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Wednesday, November 26, 2003


VATICAN CITY, NOV 26, 2003 (VIS) - In this Wednesday's general audience, celebrated in the Paul VI Hall, the Pope spoke about the Psalm 109, 'The Messiah, king and priest,' which is read every Sunday during vespers.

John Paul II said that in the first part of the psalm there is an 'oracle by God directed to the sovereign of Jerusalem whom the psalmist calls 'my Lord.' The oracle proclaims the enthronement of the descendent of David 'at the right hand' of God.'

'In the distance,' he continued, 'hostile forces are seen, which are nevertheless offset by a victorious conquest.' There is a 'general contrast between the project of God who operates through His chosen people, and the plans of those who would like to affirm their hostile and abusive power. Therefore, there is the eternal clash between good and evil which occurs in the events of history, through which God manifests Himself and speaks to us.'

The Holy Father then referred to the second part of the Psalm which 'contains a priestly prophesy in which King David is once again the protagonist. Guaranteed by a solemn divine oath, royal dignity becomes one with priestly dignity. The reference to Melchizedek, priest-king of Salem, or Ancient Jerusalem, is therefore the way to justify the special priesthood of the king alongside the official levitical priesthood of the temple of Zion. ' The Letter to the Hebrews,' he concluded, 'begins with this prophesy: 'You are a priest for ever after the order of Melchizedek,' in order to illustrate the special and perfect priesthood of Jesus Christ.'

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VATICAN CITY, NOV 26, 2003 (VIS) - The Religious Association of Social and Health Care Institutes (ARIS) is celebrating the 40(th) anniversary of its founding. On this occasion, the Holy Father sent the institute a message in which he urges members to 'continue to serve the sick with competence and dedication.'

'Frequently,' writes John Paul II, 'it is difficult for those who live in situations of intense pain and sorrow to understand the meaning and significance of life. It is therefore important that there is somebody by their side to support and help them, like the Good Samaritan. People like Mother Teresa, who was recently beatified, bear witness in a simple yet specific way to the charity and compassion of Our Lord toward those who are suffering, the sick and ostracized, and the dying. While they nurse their bodily wounds, they help them to encounter Christ who, through death, revealed the complete value of life in all its phases and conditions.'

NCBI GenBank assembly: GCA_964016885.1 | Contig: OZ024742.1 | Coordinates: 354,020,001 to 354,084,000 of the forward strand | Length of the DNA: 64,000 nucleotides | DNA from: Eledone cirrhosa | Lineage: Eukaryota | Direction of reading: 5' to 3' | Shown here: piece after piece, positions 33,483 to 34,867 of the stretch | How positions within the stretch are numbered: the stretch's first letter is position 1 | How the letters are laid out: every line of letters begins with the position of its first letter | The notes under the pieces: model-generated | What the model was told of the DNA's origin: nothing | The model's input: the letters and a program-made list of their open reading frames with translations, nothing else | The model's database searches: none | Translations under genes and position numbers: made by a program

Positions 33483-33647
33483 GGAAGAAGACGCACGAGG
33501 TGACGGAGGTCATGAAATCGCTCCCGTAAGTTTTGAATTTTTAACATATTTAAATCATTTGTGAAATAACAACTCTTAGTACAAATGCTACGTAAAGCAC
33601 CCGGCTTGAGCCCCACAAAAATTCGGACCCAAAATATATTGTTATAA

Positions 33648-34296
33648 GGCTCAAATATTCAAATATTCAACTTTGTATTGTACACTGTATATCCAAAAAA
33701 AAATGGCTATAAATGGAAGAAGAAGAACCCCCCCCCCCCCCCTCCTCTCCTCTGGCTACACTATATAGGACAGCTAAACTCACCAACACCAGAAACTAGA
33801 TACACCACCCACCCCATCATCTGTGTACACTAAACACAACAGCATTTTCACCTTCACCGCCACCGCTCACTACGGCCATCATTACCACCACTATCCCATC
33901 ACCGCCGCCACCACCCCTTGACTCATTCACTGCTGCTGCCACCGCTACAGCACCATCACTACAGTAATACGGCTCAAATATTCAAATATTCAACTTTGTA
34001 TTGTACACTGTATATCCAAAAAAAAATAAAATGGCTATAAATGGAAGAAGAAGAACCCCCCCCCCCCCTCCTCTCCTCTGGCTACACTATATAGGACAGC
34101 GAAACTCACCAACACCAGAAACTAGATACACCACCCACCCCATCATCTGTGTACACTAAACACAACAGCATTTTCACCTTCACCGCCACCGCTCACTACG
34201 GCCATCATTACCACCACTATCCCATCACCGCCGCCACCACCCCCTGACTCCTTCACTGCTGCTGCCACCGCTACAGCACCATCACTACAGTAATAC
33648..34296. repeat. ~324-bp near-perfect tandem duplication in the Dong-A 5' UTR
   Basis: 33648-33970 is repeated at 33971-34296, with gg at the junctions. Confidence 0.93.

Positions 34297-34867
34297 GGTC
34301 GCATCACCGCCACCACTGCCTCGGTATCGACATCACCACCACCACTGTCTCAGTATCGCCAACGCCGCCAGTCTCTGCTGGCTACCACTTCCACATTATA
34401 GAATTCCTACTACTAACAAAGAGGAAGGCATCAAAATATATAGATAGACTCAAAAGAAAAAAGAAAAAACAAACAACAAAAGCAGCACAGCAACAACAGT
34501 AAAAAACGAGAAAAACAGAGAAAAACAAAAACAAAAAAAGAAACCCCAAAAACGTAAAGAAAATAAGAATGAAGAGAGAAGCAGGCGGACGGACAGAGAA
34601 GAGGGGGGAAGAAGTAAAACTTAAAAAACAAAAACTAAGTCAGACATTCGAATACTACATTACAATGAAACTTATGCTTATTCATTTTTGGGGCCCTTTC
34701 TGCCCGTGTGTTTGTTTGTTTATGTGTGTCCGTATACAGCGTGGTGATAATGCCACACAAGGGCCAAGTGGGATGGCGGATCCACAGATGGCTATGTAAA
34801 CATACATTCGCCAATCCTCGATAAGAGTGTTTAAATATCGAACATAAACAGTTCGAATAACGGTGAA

The Pope concludes the message by expressing his appreciation for the association's work in many countries, 'especially in mission territories. You help young Churches to run homes for the sick and suffering and to prepare qualified health and pastoral care workers. This collaboration among ecclesiastical communities in the North and South of the world must intensify.'

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VATICAN CITY, NOV 26, 2003 (VIS) - John Paul II wrote a message to Cardinal Rodolfo Quezada Toruno, archbishop of Guatemala and president of the second American Missionary Congress, which began on November 25 and ends on November 30 in Guatemala City. In the message, the Pope recalls his trip to the American continent in 2002 and the canonization of Pedro de San Jose de Betancourt.

'The canonization of this extraordinary missionary was in a certain way,' writes the Pope, 'a prelude to the present congress' since its theme is 'The Church in America, your life is mission.' The renewed impulse to the mission 'ad gentes,'' he continues,
'demands holy missionaries and holy ecclesiastical communities in America and from America.'

'The universal call to holiness is closely linked to the universal call to mission, which is a 'fundamental presupposition and an irreplaceable condition for everyone in fulfilling the mission of salvation in the Church.' In the face of this universal call, we must be aware of our own responsibility to spread the Gospel. Millions of men and women who do not know Christ ' live in the hope, which is perhaps unconscious, of discovering the truth about man and God, about the path that leads to liberation from sin and death. For these people who yearn or feel nostalgia for Christ's beauty ' the proclamation of the Good News is a vital and necessary duty.'

'This congress is focused on that duty,' emphasizes the Holy Father, recalling that 'all pastoral activity must be centered on Christian initiation and formation which represents a greater guarantee that local Churches in America develop effective projects of cooperation and missionary impetus, while helping to mature and reinforce the faith of those who have already become close to the Church and attracting those who are still far away.'

'Your local Churches have the great responsibility of evangelizing the modern world,' he concludes. 'Great is the fruit that they will be able to give to the new missionary age, 'if all Christians, and missionaries and young churches in particular, respond with generosity and holiness to the calls and challenges of our time'.'

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